Lake Macbride is the star at Iowa’s largest State Park. Two wooded valleys created Lake Macbride’s unique shape when Mill and Jordon creeks were dammed in the 1930’s. The park boundaries are never far from the shoreline. That creates a recreation space with beautiful views and unfettered access to the lake from any location in the park. The lake has every possible amenity for water sports in Iowa; however, there is a 10 horsepower motor limit on boats and speed restrictions.
It’s easy to get on the water with seven boat ramps on Lake Macbride and one additional ramp on Coralville Lake. The ramps are in excellent condition and each have a floating dock nearby. Water levels at the Macbride boat ramps remain relatively constant due to the lake’s spillway.
The Lake has a boat rental facility at the marina near the beach. They offer pontoon boats, fishing boats, canoes, kayaks, stand up paddleboards and paddle boats for rent. You can try your hand at a sailboat if you take lessons through the University of Iowa Sailing Club. Lake Macbride also has pontoon dock spaces available for rent, as well as dry-storage spots for boats.
You don’t need a boat to take advantage of the piers, docks and other shoreline fishing locations around the lake. The DNR says that walleyes, channel catfish, crappies, muskie, and Kentucky spotted bass can be caught at the lake.
The beach at Lake Macbride State Park is large and very popular. A mowed grassy hillside with a few shade trees overlooks the clean sandy beach. The parking lot is vast and can accommodate a high volume of beach goers at peak use times in the summer. A nearby concession stand offers refreshment and snacks.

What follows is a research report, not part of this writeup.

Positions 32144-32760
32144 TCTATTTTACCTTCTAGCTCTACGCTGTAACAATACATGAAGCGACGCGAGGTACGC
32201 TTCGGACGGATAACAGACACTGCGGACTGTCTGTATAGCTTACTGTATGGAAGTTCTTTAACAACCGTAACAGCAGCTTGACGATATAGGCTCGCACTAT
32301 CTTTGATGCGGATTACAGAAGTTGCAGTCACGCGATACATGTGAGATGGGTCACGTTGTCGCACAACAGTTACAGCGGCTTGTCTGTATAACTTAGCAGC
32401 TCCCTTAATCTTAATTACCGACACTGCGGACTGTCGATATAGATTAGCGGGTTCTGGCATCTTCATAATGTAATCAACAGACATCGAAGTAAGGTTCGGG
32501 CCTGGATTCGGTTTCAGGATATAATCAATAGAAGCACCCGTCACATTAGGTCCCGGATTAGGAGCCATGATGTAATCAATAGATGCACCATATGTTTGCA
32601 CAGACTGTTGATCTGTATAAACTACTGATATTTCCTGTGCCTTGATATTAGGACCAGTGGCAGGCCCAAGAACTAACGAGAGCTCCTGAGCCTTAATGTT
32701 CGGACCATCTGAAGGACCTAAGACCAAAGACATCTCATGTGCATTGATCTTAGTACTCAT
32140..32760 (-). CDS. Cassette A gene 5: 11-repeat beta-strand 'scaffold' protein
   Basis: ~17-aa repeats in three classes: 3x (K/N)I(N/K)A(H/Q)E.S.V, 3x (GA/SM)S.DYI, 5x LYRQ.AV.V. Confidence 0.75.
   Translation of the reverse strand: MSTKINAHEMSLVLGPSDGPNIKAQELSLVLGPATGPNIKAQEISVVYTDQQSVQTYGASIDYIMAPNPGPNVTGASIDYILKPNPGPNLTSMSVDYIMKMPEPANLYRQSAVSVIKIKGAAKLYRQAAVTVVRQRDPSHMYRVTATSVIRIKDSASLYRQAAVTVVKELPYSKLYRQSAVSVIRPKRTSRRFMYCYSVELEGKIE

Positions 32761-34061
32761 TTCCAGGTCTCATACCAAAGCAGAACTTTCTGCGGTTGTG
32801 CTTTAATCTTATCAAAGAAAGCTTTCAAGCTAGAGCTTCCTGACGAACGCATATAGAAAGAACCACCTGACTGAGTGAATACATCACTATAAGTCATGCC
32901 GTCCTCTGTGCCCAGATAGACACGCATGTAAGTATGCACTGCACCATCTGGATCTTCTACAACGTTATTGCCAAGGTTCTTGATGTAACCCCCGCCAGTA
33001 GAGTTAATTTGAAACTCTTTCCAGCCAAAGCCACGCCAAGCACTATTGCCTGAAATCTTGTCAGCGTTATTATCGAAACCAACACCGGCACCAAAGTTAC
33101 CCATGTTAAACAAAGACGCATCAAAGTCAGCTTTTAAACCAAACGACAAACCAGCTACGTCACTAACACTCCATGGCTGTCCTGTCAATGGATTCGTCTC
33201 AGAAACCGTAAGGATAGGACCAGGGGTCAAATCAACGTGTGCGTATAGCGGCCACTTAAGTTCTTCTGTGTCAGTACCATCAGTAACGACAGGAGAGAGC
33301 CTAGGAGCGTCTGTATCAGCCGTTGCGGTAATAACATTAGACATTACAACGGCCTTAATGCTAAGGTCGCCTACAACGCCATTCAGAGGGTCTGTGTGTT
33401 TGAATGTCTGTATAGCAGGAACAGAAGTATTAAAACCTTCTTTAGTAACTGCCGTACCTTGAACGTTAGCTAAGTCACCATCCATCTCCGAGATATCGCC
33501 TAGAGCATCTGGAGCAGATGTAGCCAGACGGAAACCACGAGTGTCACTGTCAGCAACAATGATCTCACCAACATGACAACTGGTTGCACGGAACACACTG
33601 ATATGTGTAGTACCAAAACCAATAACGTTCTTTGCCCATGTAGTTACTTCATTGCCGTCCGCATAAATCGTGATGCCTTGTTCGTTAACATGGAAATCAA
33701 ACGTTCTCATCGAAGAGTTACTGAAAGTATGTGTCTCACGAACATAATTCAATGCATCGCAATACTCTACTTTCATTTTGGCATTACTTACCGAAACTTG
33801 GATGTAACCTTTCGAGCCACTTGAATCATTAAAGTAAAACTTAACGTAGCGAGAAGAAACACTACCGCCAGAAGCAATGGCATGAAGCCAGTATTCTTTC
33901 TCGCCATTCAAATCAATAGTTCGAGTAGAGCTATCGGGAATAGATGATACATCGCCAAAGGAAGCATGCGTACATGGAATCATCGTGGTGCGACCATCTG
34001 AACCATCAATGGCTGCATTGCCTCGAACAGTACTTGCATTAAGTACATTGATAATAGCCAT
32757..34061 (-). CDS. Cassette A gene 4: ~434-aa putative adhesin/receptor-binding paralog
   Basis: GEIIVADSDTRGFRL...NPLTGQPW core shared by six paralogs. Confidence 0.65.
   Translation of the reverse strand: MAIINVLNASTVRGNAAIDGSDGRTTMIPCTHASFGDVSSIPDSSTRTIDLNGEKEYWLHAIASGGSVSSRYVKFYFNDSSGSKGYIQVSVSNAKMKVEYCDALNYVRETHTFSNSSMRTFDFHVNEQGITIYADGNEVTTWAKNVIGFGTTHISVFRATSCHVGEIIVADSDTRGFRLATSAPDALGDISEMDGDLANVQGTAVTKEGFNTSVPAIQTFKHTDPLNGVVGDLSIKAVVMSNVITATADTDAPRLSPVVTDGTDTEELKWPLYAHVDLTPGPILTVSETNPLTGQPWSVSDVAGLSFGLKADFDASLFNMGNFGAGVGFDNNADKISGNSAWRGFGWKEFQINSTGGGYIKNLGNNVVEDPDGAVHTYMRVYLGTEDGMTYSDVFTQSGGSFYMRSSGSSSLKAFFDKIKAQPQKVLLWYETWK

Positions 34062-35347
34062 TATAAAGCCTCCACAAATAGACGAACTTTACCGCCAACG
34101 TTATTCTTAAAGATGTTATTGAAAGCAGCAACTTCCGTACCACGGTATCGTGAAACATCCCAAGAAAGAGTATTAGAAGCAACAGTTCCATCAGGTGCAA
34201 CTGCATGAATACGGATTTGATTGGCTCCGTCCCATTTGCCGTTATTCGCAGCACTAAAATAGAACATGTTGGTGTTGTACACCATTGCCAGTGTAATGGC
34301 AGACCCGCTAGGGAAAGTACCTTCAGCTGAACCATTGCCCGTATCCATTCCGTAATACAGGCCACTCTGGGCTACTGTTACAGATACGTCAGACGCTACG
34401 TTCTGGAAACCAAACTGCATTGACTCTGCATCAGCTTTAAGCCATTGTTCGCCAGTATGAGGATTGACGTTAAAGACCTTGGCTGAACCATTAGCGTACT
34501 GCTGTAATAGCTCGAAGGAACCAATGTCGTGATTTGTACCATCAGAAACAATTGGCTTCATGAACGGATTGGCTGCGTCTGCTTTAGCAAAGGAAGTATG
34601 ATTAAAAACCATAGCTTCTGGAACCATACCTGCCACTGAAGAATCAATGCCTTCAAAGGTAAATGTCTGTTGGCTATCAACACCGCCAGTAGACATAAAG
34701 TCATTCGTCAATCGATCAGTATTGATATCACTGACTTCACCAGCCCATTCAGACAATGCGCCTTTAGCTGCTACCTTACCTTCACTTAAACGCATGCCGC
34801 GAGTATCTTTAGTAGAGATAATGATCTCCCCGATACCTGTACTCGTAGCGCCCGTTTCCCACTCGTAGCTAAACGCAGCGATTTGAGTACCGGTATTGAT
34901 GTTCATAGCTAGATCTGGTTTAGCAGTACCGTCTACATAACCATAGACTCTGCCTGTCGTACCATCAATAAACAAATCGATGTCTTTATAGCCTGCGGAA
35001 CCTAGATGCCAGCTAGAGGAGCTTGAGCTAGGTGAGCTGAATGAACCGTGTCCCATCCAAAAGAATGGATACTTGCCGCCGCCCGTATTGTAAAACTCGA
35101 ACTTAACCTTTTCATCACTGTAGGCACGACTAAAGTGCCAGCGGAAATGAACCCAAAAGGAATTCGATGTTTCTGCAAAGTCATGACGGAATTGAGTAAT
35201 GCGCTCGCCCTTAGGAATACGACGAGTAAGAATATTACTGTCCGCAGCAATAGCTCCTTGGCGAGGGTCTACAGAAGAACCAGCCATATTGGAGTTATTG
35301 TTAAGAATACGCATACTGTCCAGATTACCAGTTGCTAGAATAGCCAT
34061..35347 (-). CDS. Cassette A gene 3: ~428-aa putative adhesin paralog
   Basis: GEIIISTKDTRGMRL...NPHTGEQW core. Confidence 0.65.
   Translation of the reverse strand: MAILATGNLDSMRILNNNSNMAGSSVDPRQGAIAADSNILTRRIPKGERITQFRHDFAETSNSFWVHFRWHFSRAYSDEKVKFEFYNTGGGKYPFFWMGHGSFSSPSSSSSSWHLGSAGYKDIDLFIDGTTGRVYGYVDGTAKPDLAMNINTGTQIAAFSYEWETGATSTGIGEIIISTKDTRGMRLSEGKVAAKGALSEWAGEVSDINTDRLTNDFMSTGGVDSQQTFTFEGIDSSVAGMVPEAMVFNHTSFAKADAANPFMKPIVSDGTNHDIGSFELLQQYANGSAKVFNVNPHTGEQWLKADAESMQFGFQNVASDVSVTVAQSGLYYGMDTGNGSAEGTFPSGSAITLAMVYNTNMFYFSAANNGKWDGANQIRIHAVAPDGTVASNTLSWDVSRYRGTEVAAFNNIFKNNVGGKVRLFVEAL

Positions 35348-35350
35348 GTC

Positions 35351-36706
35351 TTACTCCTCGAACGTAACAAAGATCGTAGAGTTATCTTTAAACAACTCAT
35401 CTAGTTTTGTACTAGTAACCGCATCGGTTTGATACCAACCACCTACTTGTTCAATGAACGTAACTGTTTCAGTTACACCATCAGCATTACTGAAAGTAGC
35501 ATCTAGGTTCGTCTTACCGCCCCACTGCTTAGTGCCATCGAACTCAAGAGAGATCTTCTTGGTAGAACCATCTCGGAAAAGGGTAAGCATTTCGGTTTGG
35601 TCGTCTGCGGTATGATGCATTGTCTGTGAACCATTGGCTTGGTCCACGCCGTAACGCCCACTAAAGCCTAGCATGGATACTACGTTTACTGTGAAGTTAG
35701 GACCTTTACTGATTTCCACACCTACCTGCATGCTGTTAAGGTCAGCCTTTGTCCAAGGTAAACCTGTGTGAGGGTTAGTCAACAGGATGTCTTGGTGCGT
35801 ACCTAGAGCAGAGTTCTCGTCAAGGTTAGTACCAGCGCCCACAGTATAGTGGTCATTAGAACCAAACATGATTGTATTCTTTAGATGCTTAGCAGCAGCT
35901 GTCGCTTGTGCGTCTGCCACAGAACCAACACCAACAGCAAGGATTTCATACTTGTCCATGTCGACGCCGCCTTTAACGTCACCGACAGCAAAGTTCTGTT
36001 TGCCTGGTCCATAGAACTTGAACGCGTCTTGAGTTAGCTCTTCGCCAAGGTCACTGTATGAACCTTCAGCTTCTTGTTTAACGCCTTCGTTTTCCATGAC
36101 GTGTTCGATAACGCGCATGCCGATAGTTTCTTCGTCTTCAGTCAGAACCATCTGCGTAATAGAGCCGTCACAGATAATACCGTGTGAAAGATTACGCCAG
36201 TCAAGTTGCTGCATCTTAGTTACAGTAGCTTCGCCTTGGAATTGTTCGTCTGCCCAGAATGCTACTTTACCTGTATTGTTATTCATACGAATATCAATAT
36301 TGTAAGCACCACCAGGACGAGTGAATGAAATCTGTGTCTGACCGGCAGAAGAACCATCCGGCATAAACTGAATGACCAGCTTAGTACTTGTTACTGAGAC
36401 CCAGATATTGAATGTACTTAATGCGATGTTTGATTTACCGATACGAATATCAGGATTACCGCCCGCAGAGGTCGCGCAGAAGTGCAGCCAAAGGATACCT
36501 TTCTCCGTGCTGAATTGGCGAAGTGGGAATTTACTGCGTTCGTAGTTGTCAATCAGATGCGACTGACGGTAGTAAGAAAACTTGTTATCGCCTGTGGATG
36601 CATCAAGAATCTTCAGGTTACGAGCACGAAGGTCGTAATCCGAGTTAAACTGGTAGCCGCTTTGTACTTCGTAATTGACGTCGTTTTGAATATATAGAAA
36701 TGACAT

Other amenities at the park include: two reservable lodges, two campgrounds, 16.26 miles of trails, picnic shelters and restroom facilities.
There are plenty of camping options at the parks two campgrounds. A modern campground is located on the northwest side of the lake near the dam and a primitive campground is located on the south arm of the lake. The town of Solon is a convenient distance from both campsites if you need to stock up on supplies.
The modern campground is nestled in a dense stand of trees and has 38 electrical sites with 10 having full hookups. The back-in sites are level crushed stone pads and most are well shaded. This campground has a modern restroom and shower facility as well as a dump station for RV’s. A nice perk to camping here are the scenic views of the dam and spillway from the nearby trails. To get there look for a small trail at the end of the campground’s south loop. That will lead you to the Beach to Dam trail. One unusual aspect about this campground is that the playground is not technically in the campground. Kids seem to enjoy the downhill bike ride to the playground, but watch for cars on the road.
The large primitive campground has 60 non-electric sites. There is a non-flush restroom facility in the campground and another restroom with flush toilets, running water but no showers on the south side of the campground. Most of the sites here are grass with some sites showing a few worn patches of dirt. The area as a whole slopes at a gentle grade towards the lake but the sites are fairly level. The campground has an open feeling with many strategically placed large trees to provide shade for campers. Sites closer to the lake have less shade. There is a children’s playground near the south entrance. Fishing is a big activity at the primitive campground. As you enter the campground you will find a boat ramp, parking lot, fish cleaning station, restroom and fishing jetties.
Printable Trail Map
Get one of the most reliable maps available for this park. The color map comes complete with trail descriptions and trail mileage.
The 16.26 mile trail system at Lake Macbride State Park is distributed around the perimeter of the lake. Many of the trails are labeled multi-use which means hiking, snowmobiling, cross country skiing and one trail allows biking. With the exception of the interpretive hike all the trails offer some type of lake view. It’s difficult to find a combination of trails to create a loop hike, but with some road trekking you can find a couple routes.
– Beach to Dam Trail